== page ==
This week Mark answers a question from Facebook fan Callum, who asks “why do training programs to improve your one rep max not involve mostly sets with 1 rep?”
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I don’t know of any athlete in the world that trains to maximum capacity every single workout. If they did, it’s definitely a recipe to blow the nervous system out. But to discuss this point further, what we’re really looking at is comparing the way weightlifters train to the way bodybuilders train.
If you look at those two entirely different training cultures, obviously they have one thing in common, they both train. However, one is predominantly focused on developing the Central Nervous System (CNS), while the other is predominantly focused on developing the muscle and making it as big as possible.
For hypertrophy, it’s desirable to make the sets last longer. This aims to tear the muscle fibres as much as possible, and is then followed by adequate amounts of nutrition to help the muscle repair and make it grow. Essentially you’re getting stronger through increasing the actual size of the muscle.
When it comes to CNS training, which is most common for power lifters and strength athletes, what you’re actually doing is making the nervous system more efficient and more effective. Here’s an analogy that I like to give; everyone reading this article has the capacity within his or her muscular and skeletal system to lift a car, yet (for most) the Central Nervous System will not allow it. The CNS communicates with the muscular system and says, “You’re only going to recruit this much muscle at this given time”.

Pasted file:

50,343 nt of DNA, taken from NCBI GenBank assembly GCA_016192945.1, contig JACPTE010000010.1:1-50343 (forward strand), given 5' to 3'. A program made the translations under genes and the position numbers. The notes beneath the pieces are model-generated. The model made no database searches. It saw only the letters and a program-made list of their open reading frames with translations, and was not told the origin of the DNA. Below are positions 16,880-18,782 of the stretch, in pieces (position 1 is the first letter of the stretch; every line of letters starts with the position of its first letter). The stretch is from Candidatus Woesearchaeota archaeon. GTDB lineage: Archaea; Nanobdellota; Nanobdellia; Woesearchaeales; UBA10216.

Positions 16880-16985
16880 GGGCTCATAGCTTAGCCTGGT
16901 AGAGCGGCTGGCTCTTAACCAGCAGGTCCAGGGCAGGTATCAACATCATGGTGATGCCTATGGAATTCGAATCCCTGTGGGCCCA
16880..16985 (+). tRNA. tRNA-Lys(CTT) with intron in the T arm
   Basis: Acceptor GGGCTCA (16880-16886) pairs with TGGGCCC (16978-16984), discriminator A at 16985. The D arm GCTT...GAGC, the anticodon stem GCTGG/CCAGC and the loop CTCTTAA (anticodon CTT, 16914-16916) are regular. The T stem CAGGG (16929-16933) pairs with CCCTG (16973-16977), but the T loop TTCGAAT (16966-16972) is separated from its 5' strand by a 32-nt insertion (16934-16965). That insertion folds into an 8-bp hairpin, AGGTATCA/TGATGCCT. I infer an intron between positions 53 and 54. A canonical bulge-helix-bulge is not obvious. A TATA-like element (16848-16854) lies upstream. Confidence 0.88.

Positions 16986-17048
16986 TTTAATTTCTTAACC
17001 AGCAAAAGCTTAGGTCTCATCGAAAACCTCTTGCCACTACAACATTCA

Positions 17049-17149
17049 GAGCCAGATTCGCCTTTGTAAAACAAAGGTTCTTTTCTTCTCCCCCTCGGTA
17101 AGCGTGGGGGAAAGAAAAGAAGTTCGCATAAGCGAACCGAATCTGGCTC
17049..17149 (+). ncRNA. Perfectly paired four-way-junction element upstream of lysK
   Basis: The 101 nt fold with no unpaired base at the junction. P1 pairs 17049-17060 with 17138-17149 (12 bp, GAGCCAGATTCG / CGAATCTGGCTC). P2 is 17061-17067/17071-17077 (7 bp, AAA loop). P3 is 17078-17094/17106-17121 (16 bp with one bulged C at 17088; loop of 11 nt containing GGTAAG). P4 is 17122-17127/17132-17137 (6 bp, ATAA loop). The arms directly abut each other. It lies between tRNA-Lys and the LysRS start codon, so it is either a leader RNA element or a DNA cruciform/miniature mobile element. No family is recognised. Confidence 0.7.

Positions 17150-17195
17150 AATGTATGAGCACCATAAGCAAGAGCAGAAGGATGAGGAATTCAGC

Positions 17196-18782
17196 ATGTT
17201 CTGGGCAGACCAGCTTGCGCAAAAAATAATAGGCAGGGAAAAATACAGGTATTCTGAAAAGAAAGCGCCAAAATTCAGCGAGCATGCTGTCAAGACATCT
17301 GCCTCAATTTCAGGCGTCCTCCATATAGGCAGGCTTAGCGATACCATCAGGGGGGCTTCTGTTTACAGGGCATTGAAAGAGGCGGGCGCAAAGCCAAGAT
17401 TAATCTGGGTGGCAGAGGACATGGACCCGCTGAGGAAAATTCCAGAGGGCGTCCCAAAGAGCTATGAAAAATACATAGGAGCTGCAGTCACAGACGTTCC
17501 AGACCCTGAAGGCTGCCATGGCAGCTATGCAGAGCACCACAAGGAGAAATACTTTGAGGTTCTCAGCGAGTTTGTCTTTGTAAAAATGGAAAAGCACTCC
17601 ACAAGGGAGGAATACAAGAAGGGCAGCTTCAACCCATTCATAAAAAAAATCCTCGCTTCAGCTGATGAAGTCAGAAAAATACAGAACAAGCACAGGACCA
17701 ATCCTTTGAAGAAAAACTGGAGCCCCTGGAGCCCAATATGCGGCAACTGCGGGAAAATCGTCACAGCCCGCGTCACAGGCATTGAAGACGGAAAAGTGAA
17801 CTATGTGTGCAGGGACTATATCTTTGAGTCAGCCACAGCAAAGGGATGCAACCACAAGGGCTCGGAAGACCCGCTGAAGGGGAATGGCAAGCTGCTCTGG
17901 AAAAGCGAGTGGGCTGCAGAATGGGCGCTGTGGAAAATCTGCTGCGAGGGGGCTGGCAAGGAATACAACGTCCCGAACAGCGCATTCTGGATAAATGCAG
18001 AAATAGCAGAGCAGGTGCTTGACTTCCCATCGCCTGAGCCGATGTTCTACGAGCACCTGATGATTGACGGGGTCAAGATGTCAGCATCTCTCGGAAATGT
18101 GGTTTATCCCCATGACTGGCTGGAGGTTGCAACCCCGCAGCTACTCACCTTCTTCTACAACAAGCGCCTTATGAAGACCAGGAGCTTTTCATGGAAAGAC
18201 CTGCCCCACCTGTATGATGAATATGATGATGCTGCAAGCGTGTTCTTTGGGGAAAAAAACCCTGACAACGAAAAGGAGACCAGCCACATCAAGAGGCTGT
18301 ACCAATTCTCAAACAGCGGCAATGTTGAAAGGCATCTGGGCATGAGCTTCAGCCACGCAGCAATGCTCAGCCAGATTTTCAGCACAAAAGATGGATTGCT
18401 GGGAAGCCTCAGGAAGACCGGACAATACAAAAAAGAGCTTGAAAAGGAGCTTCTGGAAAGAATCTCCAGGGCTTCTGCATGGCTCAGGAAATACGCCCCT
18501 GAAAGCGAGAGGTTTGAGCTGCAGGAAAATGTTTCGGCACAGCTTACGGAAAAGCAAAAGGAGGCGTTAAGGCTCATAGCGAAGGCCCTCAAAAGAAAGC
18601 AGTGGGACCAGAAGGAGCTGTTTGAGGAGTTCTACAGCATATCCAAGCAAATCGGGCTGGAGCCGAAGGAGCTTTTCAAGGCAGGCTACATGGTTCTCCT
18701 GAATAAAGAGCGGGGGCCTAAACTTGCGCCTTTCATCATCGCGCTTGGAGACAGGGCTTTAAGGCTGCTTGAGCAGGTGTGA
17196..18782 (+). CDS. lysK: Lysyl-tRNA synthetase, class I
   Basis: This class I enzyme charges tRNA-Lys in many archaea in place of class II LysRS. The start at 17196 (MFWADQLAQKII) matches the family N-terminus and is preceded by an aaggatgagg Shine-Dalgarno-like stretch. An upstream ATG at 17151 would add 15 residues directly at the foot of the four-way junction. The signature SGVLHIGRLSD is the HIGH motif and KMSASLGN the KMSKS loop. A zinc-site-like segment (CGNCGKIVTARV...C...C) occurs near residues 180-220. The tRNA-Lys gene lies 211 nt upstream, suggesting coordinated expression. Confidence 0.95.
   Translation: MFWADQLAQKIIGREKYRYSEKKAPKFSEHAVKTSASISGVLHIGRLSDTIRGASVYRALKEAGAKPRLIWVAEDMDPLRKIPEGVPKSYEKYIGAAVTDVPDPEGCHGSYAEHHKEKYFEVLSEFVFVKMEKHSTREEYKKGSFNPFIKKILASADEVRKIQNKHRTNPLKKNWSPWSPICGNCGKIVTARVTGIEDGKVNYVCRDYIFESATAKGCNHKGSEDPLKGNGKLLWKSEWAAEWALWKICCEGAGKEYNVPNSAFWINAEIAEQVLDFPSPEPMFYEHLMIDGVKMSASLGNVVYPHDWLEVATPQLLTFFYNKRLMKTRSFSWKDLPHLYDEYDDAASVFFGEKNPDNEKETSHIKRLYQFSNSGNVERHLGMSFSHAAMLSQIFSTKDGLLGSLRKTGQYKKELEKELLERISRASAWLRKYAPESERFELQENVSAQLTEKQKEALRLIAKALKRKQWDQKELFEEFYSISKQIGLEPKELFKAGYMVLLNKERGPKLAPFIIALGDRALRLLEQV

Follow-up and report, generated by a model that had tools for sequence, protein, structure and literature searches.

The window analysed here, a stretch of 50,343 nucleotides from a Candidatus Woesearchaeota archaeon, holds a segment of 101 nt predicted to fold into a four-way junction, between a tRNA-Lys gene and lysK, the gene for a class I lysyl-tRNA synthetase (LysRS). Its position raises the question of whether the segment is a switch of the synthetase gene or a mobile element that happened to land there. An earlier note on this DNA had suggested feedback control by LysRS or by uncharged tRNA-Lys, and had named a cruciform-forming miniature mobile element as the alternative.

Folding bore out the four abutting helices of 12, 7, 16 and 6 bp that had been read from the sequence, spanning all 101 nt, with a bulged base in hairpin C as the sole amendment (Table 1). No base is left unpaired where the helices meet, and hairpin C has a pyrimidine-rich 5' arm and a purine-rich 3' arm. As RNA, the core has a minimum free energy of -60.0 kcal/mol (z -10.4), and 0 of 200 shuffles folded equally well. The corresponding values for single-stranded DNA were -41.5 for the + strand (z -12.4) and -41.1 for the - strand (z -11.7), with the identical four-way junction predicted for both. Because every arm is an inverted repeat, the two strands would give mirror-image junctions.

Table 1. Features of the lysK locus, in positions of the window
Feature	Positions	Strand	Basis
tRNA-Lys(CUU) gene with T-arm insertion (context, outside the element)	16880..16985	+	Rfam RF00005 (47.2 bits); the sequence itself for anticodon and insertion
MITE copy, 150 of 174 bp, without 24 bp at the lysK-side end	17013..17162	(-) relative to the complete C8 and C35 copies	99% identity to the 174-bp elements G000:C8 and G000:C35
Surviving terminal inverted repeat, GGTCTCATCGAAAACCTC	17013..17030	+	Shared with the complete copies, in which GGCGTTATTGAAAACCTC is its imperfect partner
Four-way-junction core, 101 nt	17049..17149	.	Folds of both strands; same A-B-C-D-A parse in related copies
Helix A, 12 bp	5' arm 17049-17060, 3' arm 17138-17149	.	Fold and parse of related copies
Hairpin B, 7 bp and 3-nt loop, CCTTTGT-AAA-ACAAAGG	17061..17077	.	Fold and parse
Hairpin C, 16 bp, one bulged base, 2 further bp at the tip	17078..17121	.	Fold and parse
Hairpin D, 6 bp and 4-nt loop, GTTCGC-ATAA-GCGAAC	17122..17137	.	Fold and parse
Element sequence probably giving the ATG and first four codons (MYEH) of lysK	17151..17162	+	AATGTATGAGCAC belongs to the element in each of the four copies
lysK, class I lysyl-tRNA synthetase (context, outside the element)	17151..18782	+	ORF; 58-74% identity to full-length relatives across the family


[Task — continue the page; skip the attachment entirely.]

However, when we encounter a threatening or dangerous situation, our Central Nervous System can override our perceived strength or muscular capacity, allowing us strength and ability beyond what we originally thought possible. You might have heard stories of when a small child becomes trapped underneath a car and an everyday, ordinary man is able to override his muscular capacity, lift the car and rescue the child.
Now, with that said, when we do things like this, it does induce harm or injury to the body. It can tear ligaments, rip tendons and even break bones. Ultimately, it will cause damage to the body.
But why is this? And how are we able to achieve such strength, but only intermittently? It was Charlie Francis who said that the nervous system takes six times longer to recover than the muscles. So, while the bodybuilder is focused on hypertrophy, they can take that set to the absolute limit, without necessarily overtraining, but rather just fatigue the muscle. When we take a one rep max to the limit, and we keep pushing and pushing, it’s too much for our nervous system. Essentially we will ‘blow it out’. A consequence of this is a very sharp decline in performance.
To test this, go to the gym and train your one-rep max on a deadlift. The next day and the day after that, again train your one-rep max on a deadlift. Maybe on the second day, you will lift more. But on the third day, you’re definitely going to notice a plummet in your performance, because if it’s a true one-rep max it will be too taxing for the nervous system to recover from. The nervous system needs time.
The strength of your Central Nervous System is not going to be built in one day. From a biochemical point of view our muscles, cells and bones need time to develop. Our bodies recreate and redesign our muscles every 90 days, (I believe) our connective tissues every 200 days and bones, it takes up to two years.
In conclusion, in comparison to our Central Nervous System, the muscles in our body can deal with a lot more stress. Strength training, or training for your one rep max is really more around creating a neural connection to the muscle that you already have, whereas training for hypertrophy is about making the muscle bigger.
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